Does my ski helmet make me safer?
I went skiing with a couple family members during a visit to Finland several years ago. My brother-in-law, an avid snowboarder, was practicing some jumps and tricks. As Pete slid down a rail his board slipped and he fell, hitting the back of his head on the bar. He was unconscious for five minutes and experienced several seizures. He sustained a concussion, from which he thankfully fully recovered.
I witnessed the entire event and it was one of the biggest scares I’ve experienced in my life. Pete has worn a helmet ever since then. And I’ve used his story to encourage my friends and patients to do the same. Head and neck injuries are one of the most common injuries that happen in alpine sports. They are also 50 percent higher in snowboarders than in skiers.
One study by doctors at Children’s Hospital Colorado showed that ski helmets lessened the severity of head injuries, including concussions, in children ages 3 to 17. Another study of individuals age 16-plus found that wearing a helmet reduced the risk of sustaining an injury of any kind.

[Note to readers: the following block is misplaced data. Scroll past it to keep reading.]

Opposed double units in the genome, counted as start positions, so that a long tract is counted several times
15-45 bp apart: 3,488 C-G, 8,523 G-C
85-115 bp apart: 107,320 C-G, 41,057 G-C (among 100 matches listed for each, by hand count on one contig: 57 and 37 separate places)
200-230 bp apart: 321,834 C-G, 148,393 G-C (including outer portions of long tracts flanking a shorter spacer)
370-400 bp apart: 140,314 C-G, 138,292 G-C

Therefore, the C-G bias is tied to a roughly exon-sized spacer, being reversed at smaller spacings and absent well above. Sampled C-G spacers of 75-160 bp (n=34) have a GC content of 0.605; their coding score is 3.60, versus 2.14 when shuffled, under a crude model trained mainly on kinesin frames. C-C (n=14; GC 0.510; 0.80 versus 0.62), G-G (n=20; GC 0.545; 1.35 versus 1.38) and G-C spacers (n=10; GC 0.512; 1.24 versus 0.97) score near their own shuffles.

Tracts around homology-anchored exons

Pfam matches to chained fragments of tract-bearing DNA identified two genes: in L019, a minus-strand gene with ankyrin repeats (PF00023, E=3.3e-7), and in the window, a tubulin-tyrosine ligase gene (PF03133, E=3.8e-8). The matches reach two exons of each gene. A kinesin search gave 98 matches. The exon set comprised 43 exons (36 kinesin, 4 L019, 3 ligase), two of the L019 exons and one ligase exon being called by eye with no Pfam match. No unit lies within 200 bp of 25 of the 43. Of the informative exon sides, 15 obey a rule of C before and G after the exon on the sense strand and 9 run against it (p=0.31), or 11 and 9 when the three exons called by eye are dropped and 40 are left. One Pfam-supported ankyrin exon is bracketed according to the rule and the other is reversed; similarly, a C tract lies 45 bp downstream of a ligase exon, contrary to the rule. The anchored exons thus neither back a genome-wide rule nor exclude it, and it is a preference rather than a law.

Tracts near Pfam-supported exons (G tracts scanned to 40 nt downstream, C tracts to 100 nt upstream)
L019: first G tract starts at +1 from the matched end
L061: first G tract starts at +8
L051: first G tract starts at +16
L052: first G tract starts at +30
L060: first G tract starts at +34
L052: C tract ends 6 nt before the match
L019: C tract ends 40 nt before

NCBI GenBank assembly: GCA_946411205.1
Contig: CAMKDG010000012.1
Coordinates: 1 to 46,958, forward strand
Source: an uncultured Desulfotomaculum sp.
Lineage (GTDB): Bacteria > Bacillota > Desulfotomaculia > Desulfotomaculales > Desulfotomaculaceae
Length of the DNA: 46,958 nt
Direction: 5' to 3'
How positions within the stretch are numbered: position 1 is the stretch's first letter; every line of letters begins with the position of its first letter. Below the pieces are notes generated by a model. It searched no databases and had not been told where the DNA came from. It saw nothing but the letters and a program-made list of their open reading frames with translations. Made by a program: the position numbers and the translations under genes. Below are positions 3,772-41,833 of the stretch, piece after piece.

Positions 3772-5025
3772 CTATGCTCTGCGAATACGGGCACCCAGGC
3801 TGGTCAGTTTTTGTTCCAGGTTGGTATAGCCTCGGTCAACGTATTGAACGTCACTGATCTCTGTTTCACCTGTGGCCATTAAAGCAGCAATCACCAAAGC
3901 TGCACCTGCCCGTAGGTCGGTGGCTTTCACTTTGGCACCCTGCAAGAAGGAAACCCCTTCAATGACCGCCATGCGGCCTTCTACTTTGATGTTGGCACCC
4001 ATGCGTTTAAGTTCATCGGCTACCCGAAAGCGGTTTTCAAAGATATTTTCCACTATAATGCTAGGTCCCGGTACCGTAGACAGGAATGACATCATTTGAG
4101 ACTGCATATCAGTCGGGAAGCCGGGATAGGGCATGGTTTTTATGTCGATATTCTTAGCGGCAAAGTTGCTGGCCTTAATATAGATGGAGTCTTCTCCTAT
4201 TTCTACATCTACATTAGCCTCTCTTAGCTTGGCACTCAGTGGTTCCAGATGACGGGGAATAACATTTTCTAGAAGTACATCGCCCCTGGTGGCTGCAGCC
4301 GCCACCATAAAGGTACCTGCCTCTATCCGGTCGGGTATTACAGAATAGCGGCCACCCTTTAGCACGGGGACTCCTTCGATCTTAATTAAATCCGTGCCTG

However, it’s worth noting that the same study showed that helmets did not reduce the incidence of traumatic brain injuries and concussions—which can be the most persistent and debilitating types of head injuries. That conflicts with earlier evidence that shows helmets do help.
Clearly, research is still emerging on how much protection helmets offer. However, experts agree that it’s best to wear one. The good news is that many people do. The National Ski Association estimated that 84 percent of skiers and snowboarders in the U.S. wore helmets during the 2017-2018 ski season.
Protecting your head has virtually no downsides and a lot of potential benefits. Manufacturers are developing new materials designed to absorb and disperse shock. For example, MIPS (Multi-Directional Impact Protection System) technology, which some helmet producers are now using, may reduce the amount of rotational force applied to the brain, a key factor in brain damage. As helmet technology advances, it could provide a better defense against more serious injuries.
Of course, the best protection against head injuries is to ski and snowboard at a safe speed, staying in control of your body and equipment. Always watch your surroundings, stay in designated areas, and adjust to the conditions.
—Nina Upham, MD
Dr. Nina Upham is a sports medicine physician at Vancouver Clinic. She enjoys educating her patients so they can make informed decisions about their care. She learned to ski as a child in Finland and enjoys getting up to Mount Hood in the winter.